FIG. 2 shows an illustrative category scorecard;
FIGS. 3 and 4 show illustrative computer display selection screens;
 FIGS. 5-8 show illustrative flowcharts; and
 FIGS. 9A-9F show illustrative output report segments.
FIG. 1 is a schematic diagram of a presently preferred illustrative exemplary embodiment of a category management system 5 provided by the present invention. System 5 includes or has access (e.g., over a local intranet, LAN or the Internet) to a number of data sources, and provides analysis and reporting processing to generate reports for delivery in hard copy and/or display form. Such analysis and reporting can be very useful in providing consumer assessment, product category assessment, pricing analysis, product placement analysis, product assortment analysis, category scorecard/tracking analysis, and other useful outputs.
FIG. 1 shows a consumer product database 10 representing a collection of data providing information on consumer product purchases. Consumer product database 10 may, for example, comprises a Market Dimension, SCANTRAK or other database collected by commercially available sources such as ACNielsen that tracks consumer purchases in particular retail accounts and associated markets based on checkout line, cash register scanner data or purchases made via an on-line store over the Internet. Alternatively or in addition, consumer product database 10 may be derived from other sources (e.g., sources internal to the manufacturer, retailer or distributor) that have been specifically created for a particular category or market niche. Consumer product database 10 may also include consumer demographic information obtained for example from Spectra Marketing, a division of ACNielsen that collects information on households, geographic distribution, cosmetic make-up etc. In the case of commercial databases, user licenses or other access fees or charges may be required to utilize the data. The commercial databases are typically regularly updated (certain categories may be updated monthly, quarterly or yearly while others may be done on less than an annual basis) and expanded depending upon subscriber needs or market conditions, thus ensuring time-currency of the data.
 In the illustrative embodiment shown, a second database 14 may provide information concerning different categories of products. In one specific illustrative and non-limiting example for use with grocery retail outlets, category database 14 provides seven different predefined product-based data sets: cereals, snacks, yogurt, popcorn, warehouse snacks, desserts and meals. Other example arrangements will provide other product and/or service categories (e.g., drug store retailers might require product categories based on products normally stocked by drug stores such as for example cold and flu medications, oral hygiene products, analgesic medications, etc.; camping equipment stores might require product categories particular to their trade, etc.)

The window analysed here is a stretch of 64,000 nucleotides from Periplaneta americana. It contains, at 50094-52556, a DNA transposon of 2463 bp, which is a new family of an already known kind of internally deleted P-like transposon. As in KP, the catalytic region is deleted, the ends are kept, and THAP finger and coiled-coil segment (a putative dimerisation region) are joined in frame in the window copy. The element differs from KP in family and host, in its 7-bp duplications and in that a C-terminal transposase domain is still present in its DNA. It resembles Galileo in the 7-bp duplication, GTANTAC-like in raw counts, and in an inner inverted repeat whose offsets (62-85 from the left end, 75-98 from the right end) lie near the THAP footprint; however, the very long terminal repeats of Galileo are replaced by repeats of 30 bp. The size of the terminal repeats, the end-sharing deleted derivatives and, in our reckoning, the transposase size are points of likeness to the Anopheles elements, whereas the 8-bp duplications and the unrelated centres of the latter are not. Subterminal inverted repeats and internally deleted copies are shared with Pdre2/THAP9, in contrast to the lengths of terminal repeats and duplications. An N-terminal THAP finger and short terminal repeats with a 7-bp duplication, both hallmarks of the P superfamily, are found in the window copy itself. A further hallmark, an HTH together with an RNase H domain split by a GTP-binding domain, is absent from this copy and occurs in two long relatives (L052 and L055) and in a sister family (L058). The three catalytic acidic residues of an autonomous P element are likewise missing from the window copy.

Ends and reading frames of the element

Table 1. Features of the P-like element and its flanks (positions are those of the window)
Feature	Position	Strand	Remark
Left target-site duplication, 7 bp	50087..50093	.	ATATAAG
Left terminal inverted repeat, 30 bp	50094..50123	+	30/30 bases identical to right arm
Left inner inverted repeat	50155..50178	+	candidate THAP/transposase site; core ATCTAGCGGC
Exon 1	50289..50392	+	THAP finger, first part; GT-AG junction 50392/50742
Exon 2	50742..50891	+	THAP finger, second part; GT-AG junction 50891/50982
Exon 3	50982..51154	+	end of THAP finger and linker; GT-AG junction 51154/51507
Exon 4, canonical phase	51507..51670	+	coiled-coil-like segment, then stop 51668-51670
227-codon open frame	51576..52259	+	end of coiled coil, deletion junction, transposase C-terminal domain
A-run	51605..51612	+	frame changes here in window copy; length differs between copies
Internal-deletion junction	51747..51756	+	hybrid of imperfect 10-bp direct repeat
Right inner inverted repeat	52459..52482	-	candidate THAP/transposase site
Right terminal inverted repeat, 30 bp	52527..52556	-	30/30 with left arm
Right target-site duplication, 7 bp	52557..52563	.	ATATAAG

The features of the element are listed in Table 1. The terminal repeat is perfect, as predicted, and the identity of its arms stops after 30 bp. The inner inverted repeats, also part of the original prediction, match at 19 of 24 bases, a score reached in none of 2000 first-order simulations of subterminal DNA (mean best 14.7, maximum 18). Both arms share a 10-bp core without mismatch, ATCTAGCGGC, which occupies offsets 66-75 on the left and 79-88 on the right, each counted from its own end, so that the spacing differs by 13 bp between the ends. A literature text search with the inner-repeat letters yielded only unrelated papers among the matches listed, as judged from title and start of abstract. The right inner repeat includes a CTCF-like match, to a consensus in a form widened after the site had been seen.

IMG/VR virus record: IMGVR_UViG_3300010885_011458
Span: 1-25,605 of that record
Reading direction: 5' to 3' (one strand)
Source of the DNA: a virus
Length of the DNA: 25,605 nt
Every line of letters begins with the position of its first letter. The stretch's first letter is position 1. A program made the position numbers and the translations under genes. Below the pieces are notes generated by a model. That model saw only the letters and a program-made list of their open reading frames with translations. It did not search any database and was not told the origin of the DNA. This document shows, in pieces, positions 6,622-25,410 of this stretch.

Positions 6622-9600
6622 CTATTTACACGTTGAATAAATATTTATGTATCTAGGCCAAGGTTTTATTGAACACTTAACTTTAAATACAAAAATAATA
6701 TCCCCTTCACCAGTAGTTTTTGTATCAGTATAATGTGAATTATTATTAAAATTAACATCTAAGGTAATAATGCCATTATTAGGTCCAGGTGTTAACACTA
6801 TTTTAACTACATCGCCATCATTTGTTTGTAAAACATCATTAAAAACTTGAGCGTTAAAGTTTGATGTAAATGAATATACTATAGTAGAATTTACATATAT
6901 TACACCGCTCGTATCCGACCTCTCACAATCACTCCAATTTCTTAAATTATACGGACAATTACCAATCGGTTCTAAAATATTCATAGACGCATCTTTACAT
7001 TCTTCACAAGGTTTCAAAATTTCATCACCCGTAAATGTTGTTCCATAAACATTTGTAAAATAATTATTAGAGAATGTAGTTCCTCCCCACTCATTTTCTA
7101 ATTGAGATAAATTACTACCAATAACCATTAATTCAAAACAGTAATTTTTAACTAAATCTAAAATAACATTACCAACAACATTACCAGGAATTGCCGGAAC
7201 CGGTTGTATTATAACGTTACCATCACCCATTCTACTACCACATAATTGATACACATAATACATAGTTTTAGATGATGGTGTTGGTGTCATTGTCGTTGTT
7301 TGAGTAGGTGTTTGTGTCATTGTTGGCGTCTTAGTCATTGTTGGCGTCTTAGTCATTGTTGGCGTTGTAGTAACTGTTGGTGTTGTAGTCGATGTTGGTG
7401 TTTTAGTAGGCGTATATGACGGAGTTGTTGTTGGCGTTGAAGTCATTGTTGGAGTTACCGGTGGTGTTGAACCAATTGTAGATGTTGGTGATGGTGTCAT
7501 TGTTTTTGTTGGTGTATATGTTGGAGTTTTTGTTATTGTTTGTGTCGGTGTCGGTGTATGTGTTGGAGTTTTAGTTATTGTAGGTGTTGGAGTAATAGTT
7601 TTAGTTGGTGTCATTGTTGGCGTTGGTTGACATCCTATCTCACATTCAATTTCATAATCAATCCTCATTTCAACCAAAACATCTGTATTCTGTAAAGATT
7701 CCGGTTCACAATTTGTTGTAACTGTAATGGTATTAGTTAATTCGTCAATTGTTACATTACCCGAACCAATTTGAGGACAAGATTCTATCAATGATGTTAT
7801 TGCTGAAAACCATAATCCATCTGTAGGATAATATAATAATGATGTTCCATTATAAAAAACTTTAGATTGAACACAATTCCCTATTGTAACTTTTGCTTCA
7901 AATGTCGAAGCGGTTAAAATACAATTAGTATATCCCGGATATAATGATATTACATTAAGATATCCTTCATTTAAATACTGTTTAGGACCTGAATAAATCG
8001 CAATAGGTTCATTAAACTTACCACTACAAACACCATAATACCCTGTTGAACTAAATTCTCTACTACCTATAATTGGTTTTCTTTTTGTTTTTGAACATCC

Further data sets 16, 18, etc. may also be provided if desired. For example, a shelf stock dataset 16 (e.g., planograms) might provide information concerning the items actually stocked on the retailer's store shelves; product mix data may be imported from other applications; and consumer demographic information may also be imported. Other data sources 18 can provide any number of different types of additional information for further analysis.
 In the example shown, an analysis and reporting processing block 20 is coupled to the data sets 10, 14, 16, 18. The analysis and reporting block 20 performs analysis on the various data sets, and generates associated reports as requested or required by an end user. End users communicate with the analysis and reporting processing block 20 via remote data terminals 12(1), . . . , 12(N). In one example embodiment, the analysis and reporting processing block 20 is performed by software running on the remote terminals 12, and the remote terminal or input module 12 is able to access the commercial database 10 and other data sets 14, 16, 18 over communication means 13, such as telephone lines, high speed ISDN lines, cable connections, a network such as a local area network, wide area network, the Internet, or any other technique for allowing data to be communicated from one point to another. In one example embodiment, the various data sets 10, 14, 16, 18 may be located in disparate geographical locations remote to one another and to analysis and reporting processing block 20, and the analysis and reporting processing block reaches out over telecommunications infrastructure to access these data sets.
 In another example illustrative and non-limiting embodiment, the analysis and reporting processing 20 is performed on a server that accesses the various data sets 10, 14, 16, 18 via any convenient type of communications arrangement (e.g., the Internet or other network (LAN), dedicated or dial-up telephone lines, delivery of mass storage media, etc.), and the data terminals 12 access the server via the Internet, LAN or other network 13. For example, server 20 may comprise a web server, and terminals 12 may comprise web browsing appliances such as personal computers, set top boxes, or any other appliance with a display and a user input device that is capable of displaying and interacting with web pages. Other example arrangements use data protocols other than Internet protocols, such as protocols for a local area network or wide area network to provide communications between analysis and reporting processing block 20 and data sets 10, 14, 16, 18 and/or data terminals 12.
 The preferred exemplary non-limiting but illustrative analysis and reporting processing block 20 includes a number of modules or cells that are used independently and together to process and analyze the data provided by consumer product database 10, category database 14, shelf stock data set 16 and/or other data sources 18. In the example embodiment, such functional processing modules or other routines may include:
 Consumer Assessment module 102,
 Category Assessment 104,